Stuff writes about Brad:
This is the situation facing 33-year-old Brad, who did not want to reveal his last name due to the distress it may cause himself and his family.
Brad said he left New Zealand for Melbourne in 2007 due to a lack of employment opportunities, after gaining a Bachelor of Arts with Honours in performing arts.
His loan is now at $108,000, with interest accounting for more than half of the debt.
It’s hard to verify this as we don’t know when he finished studying but if in 2007 you owed $62,000 then in 2016 you would owe around $108,000 if you have made no repayments ever. So only one third would be interest.
Brad said he made an arrears payment of $500 each month, an arrangement made with IRD, but can’t afford the $5000 minimum annual repayment. This means his debt keeps building.
$500 a month exceeds the minimum annual payment so he is complying with IRD and does not need to fear arrest. If he pays $6,000 a year then his interest is $5,724 so his debt should not be building.
The Whanganui-born expat said while he earned $60,000 a year, at least 30 per cent of that went towards living costs.
Which means he has 70% left over. 10% is going on his student loan. He could decide to make that 20% and start reducing the balance.
Brad said his loan had caused him “considerable stress”.
“I have been diagnosed with clinical depression and anxiety; the thought of my crushing student loan debt is constantly on my mind, and there are basically no options I have to remedy the situation.”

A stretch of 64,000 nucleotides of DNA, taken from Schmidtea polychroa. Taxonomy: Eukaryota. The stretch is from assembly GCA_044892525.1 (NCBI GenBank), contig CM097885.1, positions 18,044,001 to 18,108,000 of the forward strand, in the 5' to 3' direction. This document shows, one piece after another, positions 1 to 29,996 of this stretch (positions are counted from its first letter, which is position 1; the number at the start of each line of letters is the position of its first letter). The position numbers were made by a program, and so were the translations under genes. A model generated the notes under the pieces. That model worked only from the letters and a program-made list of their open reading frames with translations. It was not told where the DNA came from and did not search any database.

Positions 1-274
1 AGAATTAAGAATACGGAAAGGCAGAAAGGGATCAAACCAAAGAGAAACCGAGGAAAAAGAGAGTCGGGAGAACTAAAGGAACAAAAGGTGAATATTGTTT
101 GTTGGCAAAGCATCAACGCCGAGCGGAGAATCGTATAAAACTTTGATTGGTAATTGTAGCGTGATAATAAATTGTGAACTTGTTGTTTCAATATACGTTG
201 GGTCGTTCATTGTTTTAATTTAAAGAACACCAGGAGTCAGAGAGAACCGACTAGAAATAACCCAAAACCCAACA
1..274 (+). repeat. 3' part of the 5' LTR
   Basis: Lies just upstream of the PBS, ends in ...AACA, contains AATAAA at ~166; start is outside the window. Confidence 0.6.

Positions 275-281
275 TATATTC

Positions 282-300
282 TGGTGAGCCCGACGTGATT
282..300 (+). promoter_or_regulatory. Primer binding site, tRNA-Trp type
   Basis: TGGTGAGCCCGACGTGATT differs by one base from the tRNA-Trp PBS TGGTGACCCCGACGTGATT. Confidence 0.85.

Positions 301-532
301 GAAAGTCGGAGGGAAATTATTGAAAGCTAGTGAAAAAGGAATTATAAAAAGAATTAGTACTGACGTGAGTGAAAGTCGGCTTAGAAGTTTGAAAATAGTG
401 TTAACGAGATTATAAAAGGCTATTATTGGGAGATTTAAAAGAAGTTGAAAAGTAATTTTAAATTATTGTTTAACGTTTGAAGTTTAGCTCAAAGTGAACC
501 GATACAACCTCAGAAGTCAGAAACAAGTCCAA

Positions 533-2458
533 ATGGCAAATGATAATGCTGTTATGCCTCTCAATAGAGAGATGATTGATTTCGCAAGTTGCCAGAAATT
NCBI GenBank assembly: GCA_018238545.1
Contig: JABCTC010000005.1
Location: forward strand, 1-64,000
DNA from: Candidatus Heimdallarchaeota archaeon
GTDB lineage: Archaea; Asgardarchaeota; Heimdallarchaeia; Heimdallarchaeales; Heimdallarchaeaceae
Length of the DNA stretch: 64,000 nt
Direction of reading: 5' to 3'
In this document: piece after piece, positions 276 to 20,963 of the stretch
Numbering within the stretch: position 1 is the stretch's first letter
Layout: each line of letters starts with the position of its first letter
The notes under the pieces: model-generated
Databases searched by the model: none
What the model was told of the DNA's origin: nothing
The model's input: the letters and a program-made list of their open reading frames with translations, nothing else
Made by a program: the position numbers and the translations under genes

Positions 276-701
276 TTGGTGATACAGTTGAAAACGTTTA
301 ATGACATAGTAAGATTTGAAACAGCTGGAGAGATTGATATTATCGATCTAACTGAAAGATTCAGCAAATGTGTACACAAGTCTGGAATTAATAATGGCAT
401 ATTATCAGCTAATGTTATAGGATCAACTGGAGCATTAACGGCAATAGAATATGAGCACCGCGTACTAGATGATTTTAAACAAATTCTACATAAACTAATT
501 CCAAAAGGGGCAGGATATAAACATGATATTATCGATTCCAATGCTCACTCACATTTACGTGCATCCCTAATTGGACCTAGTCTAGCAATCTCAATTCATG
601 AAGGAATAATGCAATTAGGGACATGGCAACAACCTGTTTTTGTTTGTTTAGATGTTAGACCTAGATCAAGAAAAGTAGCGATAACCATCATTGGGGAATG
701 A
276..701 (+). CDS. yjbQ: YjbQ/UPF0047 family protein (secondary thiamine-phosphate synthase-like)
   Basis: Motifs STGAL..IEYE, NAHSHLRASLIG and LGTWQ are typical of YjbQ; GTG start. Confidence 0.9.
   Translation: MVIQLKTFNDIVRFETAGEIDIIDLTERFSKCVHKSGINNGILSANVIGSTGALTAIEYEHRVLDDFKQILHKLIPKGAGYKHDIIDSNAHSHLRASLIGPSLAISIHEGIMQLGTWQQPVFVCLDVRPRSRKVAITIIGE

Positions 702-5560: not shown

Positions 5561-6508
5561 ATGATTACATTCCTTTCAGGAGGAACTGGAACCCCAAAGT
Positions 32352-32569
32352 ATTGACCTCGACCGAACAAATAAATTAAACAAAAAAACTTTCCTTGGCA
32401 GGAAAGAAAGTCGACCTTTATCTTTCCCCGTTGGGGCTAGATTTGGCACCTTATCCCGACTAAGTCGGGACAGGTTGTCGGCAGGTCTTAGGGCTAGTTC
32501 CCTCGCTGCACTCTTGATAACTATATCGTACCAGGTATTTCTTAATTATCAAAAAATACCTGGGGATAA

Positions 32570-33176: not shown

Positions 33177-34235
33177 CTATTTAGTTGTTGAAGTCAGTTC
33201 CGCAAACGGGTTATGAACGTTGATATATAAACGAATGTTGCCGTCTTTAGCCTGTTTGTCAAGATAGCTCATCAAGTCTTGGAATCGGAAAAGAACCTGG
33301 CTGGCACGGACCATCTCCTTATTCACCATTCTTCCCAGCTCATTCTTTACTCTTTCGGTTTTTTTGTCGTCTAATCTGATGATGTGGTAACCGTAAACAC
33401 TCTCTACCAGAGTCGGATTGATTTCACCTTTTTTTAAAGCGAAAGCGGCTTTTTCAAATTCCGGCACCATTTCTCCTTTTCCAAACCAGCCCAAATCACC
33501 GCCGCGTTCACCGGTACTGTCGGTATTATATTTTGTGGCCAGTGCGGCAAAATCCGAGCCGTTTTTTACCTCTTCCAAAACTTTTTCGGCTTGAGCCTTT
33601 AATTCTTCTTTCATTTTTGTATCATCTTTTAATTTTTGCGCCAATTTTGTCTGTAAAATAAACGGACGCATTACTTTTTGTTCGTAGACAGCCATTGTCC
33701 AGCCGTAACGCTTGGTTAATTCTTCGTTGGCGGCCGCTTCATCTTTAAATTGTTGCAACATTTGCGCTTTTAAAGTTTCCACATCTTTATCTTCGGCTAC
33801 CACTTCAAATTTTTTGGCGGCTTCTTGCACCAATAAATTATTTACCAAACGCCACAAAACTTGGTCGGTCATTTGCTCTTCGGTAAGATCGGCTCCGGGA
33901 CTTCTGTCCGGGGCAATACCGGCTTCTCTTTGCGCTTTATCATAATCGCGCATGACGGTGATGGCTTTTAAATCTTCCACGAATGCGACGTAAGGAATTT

Pay back more?
Return to NZ and work here, so you get zero interest on the loan?
While he has been in contact with IRD, constant threats to detain borrowers has made Brad too scared to return to New Zealand most of the time.
“I have returned to New Zealand twice in the last four years and each time I have had to seek anti-anxiety medication from my doctor simply to board my flight, and almost did not return last time, all because of the thought of my loan and being detained at Customs.”
I am sure he is distressed but on the basis of what he is doing (making repayments) he has nothing to worry about.
The borrower said he believed interest should be frozen to help people like him get ahead.
It is – if you live and work in NZ.
“I am supposed to be out here in the world representing New Zealand, promoting it, and instead I feel like I’m being punished for that, and I am deeply resentful of my nationality as a consequence…
No Ambassadors represent NZ. You’re in Australia presumably for reasons of employment of lifestyle. That’s fine, but it means you are not paying tax in NZ or contributing directly to NZ, so you are expected to pay back your student loan.